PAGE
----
Thursday, July 24, 2014

Destiny Beta Day 1





I had a chance to play the Destiny beta, and I think they're off to a decent start. I can't call it a game changer, but they have everything in place for that. Overall, I thought it was pretty good. Not great. Pretty good. I'm dividing my review into good and bad, and I'm curious what you think.

The Bad:
It's more like Defiance, which is SyFy's "game what is also a tv show" than Halo. In fact, it's a LOT like Defiance. And I'm not a huge fan of Defiance. The repetition in it, combined with the same enemies that do the same things, just gets old after awhile. It really doesn't seem like the plot is moving forward at all. Destiny is a little better at this, and right now it feels like the plot is at least kinda advancing.

It has a storyline that runs throughout the game, but if you're not careful, it's easy to accidentally go back and replay parts of the game. Why? Because it doesn't give you a clear indication that you already played that part of game. If it's there, it isn't completely clear. It would be nice to get a little note that says, "completed" or something, so I know I can move on if I want.

Instead of a linear plot, the plot is laid out on a giant map screen. But you usually take trips back to "The Tower" to buy new guns, talk to people, check messages, and generally screw around. So you will revisit the map screen often.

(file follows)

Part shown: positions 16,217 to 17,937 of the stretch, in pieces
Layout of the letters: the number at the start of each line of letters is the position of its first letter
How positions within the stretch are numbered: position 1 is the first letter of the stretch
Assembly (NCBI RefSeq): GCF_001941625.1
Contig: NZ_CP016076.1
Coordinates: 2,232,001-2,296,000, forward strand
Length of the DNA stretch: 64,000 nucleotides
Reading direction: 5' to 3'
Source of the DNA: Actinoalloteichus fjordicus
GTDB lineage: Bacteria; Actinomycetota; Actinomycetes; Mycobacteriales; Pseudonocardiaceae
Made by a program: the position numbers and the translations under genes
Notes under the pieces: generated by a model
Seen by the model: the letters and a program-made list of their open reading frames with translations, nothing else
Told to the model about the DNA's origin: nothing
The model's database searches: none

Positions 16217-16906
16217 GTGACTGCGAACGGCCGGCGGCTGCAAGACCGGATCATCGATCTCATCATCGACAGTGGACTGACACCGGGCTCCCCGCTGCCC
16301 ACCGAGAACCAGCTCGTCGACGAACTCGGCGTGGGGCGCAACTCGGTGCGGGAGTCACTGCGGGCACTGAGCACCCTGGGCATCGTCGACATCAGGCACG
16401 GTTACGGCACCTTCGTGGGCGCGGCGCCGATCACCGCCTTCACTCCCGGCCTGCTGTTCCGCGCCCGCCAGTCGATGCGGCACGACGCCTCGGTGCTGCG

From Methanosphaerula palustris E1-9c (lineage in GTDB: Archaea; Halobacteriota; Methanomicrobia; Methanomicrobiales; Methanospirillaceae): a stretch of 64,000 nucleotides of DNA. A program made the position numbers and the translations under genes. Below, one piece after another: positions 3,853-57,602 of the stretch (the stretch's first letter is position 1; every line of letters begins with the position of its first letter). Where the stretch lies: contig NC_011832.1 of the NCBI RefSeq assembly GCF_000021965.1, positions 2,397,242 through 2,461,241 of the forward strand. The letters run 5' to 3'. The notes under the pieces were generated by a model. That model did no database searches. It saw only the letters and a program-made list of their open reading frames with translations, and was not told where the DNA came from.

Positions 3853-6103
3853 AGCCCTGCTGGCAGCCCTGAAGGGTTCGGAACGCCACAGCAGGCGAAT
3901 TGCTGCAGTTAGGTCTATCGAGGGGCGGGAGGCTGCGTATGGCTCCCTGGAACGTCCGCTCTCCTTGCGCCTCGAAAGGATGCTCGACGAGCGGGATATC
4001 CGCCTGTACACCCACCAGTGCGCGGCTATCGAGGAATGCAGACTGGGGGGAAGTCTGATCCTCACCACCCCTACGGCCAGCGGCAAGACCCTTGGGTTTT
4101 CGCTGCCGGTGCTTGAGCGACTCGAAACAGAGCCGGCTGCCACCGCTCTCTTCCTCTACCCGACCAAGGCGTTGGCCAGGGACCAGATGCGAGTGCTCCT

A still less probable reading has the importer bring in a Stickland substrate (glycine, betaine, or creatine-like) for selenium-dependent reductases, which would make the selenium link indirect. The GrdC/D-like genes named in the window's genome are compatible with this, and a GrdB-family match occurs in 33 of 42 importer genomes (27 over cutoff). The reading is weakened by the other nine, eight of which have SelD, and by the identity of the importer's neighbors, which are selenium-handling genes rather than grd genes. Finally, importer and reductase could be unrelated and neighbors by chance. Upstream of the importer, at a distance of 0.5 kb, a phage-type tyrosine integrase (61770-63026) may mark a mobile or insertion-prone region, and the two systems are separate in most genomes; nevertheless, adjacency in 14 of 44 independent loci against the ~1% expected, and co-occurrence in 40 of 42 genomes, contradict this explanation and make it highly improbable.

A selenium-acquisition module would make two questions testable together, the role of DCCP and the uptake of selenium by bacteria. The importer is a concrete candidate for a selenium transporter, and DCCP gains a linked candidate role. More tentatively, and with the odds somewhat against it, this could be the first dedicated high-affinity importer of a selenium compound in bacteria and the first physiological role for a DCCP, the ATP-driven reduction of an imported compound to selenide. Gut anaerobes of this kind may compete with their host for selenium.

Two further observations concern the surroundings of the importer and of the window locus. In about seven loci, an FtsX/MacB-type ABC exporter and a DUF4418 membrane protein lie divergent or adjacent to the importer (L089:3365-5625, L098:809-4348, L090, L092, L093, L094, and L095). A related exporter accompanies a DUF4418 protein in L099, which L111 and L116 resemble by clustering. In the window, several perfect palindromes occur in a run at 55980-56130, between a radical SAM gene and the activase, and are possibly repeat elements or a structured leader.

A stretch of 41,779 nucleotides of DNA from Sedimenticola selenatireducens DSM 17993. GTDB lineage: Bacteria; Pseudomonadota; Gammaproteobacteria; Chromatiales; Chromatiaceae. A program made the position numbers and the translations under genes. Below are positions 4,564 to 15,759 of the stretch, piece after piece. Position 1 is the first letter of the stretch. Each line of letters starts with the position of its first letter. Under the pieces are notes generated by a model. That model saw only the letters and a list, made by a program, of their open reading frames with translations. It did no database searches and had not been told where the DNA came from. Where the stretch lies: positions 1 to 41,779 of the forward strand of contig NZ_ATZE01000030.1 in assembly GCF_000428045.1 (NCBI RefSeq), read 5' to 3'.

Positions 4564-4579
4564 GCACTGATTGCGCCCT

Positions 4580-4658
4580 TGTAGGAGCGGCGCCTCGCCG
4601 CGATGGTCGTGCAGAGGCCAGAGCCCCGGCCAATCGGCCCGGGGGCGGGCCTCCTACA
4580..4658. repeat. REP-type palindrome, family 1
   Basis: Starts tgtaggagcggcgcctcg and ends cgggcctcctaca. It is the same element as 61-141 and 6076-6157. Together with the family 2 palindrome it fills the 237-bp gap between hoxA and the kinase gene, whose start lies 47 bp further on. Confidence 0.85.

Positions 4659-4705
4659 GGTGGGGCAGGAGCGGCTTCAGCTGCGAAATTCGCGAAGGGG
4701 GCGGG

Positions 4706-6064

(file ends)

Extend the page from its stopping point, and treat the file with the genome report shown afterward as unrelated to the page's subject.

It usually works like this: shoot some stuff, have fun, collect magic beans and garbage, then go back to the tower to trade your beans for new stuff.

Note: This plot device is in most game stories, and it pisses me off. You're Earth's last great hope, called a Guardian. And all the darkness is coming, etc., but you still have to go buy your damned gun, and the gun dealers won't just give you their biggest, baddest gun, even if you have the money. They'll only give you the gun your "experience level" grants you. It seems like to me that a better approach would be to give your best guns to your "last hope soldier", so they have a better chance of staying hopeful. Maybe have a training area if needed. But I guarantee I can work a shotgun. Gimme mah shotgun. Oh, I can't work a shotgun, but I can have this shitty pistol. Fantastic. But I suppose that's how wars go.